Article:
Shocked, shocked, I tell you!
That is what I would say, if I were actually surprised with the news that BlackBerry will no longer be making its own smartphones. The news has been expected for a while now, as BlackBerry has held an increasingly smaller share of the smartphone market over the last several years. So what is ahead for the company?
In IT Blogwatch, we look to the future.
What exactly is going on? Zach Epstein has the background:
The death march of BlackBerry’s handset business was closely chronicled...it failed to pivot when Apple’s iPhone changed the smartphone market, and now those early missteps have finally led to today. As BlackBerry reported a fiscal second-quarter net loss of $372 million on Wednesday...the company confirmed that it will cease all internal smartphone development and stop making smartphones.
So what does that mean for BlackBerry? Alastair Sharp fills in the blanks:
BlackBerry...will outsource the development and design of its flagship smartphone...as it bets its future on software and services...Chief Executive Officer John Chen has shifted BlackBerry's focus to selling software that companies and governments use to manage their mobile devices.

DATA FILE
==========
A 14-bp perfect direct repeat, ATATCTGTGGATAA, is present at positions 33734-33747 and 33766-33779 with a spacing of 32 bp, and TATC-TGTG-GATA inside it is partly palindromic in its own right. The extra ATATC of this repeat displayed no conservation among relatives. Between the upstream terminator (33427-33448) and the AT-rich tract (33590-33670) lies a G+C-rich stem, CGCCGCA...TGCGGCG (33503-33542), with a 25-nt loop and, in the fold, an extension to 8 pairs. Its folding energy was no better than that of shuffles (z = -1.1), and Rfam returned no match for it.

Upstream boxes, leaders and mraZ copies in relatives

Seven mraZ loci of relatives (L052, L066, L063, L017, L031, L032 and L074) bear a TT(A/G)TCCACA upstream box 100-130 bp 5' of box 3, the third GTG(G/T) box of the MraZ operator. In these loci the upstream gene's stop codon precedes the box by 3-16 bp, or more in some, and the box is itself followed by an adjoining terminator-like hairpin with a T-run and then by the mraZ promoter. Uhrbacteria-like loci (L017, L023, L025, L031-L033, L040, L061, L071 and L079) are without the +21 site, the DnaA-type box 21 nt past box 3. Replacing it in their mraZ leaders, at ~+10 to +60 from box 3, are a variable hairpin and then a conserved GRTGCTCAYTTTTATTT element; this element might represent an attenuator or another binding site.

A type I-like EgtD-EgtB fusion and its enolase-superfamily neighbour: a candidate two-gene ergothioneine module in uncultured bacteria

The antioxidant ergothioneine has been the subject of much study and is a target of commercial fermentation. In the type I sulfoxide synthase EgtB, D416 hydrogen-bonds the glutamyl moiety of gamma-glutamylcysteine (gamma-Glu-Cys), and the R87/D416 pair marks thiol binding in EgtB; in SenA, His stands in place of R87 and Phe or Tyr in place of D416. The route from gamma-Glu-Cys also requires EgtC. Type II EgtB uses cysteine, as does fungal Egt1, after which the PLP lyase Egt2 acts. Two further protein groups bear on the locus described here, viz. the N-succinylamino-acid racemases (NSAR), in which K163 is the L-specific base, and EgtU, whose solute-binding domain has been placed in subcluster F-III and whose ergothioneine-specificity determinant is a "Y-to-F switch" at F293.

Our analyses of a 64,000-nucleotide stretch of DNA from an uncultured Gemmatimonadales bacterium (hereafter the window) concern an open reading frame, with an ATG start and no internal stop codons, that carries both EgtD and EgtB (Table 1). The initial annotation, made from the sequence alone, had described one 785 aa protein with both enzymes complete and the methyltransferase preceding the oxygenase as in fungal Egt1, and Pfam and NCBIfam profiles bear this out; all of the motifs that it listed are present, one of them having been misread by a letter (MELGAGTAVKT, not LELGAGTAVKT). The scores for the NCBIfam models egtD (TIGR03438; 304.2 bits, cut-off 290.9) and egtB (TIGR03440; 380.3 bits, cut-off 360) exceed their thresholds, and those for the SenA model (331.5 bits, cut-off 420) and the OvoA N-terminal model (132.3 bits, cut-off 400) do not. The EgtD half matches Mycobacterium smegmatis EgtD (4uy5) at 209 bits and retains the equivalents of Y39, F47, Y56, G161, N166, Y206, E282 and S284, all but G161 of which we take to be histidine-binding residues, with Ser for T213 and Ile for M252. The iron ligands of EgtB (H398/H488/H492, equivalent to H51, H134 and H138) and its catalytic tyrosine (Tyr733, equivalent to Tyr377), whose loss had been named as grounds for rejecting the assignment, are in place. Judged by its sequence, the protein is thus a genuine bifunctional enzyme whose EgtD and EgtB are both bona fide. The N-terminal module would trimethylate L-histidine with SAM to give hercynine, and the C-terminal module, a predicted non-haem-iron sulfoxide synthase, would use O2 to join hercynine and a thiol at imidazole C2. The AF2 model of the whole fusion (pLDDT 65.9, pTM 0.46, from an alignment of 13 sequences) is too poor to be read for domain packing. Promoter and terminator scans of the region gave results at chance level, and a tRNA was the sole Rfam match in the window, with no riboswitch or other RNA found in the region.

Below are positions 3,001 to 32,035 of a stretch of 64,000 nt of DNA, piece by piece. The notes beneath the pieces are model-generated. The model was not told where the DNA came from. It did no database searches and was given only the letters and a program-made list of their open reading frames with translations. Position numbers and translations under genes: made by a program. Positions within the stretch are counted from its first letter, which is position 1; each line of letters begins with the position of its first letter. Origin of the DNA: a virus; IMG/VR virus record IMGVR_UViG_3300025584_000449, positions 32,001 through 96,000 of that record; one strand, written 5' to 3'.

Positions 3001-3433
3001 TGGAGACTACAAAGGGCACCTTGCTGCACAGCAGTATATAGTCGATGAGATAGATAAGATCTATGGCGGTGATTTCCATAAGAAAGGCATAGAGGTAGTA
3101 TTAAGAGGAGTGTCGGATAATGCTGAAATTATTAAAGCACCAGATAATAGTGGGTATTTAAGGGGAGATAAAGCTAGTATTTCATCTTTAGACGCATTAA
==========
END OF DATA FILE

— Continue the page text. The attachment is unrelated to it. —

What about these outsourced BlackBerry smartphones? Ina Fried has the details:
BlackBerry said...it will...rely on partners for any future hardware efforts...BlackBerry has been setting the stage for such a move for a while...It...already released one phone, the DTEK50, that was essentially a rebadged Alcatel phone and has started offering up pieces of its phone software for use on other Android devices.
Was this unexpected? Hardly. Daniel Bader is in the know:
BlackBerry's hardware business has been losing money for some time...this is just the last nail in the coffin...the company says that its transition to a software and services company, building Android-based security solutions for other OEMs, is proving successful...Chen is a pragmatist, and has been warning that he would get out of the hardware business should he see no future in it, and this move is the first step towards realizing that goal.
Finally, how do users feel about all this? What users? Kate M. Porter sums it up nicely:
#RIP Blackberry. I once was one of your biggest fans.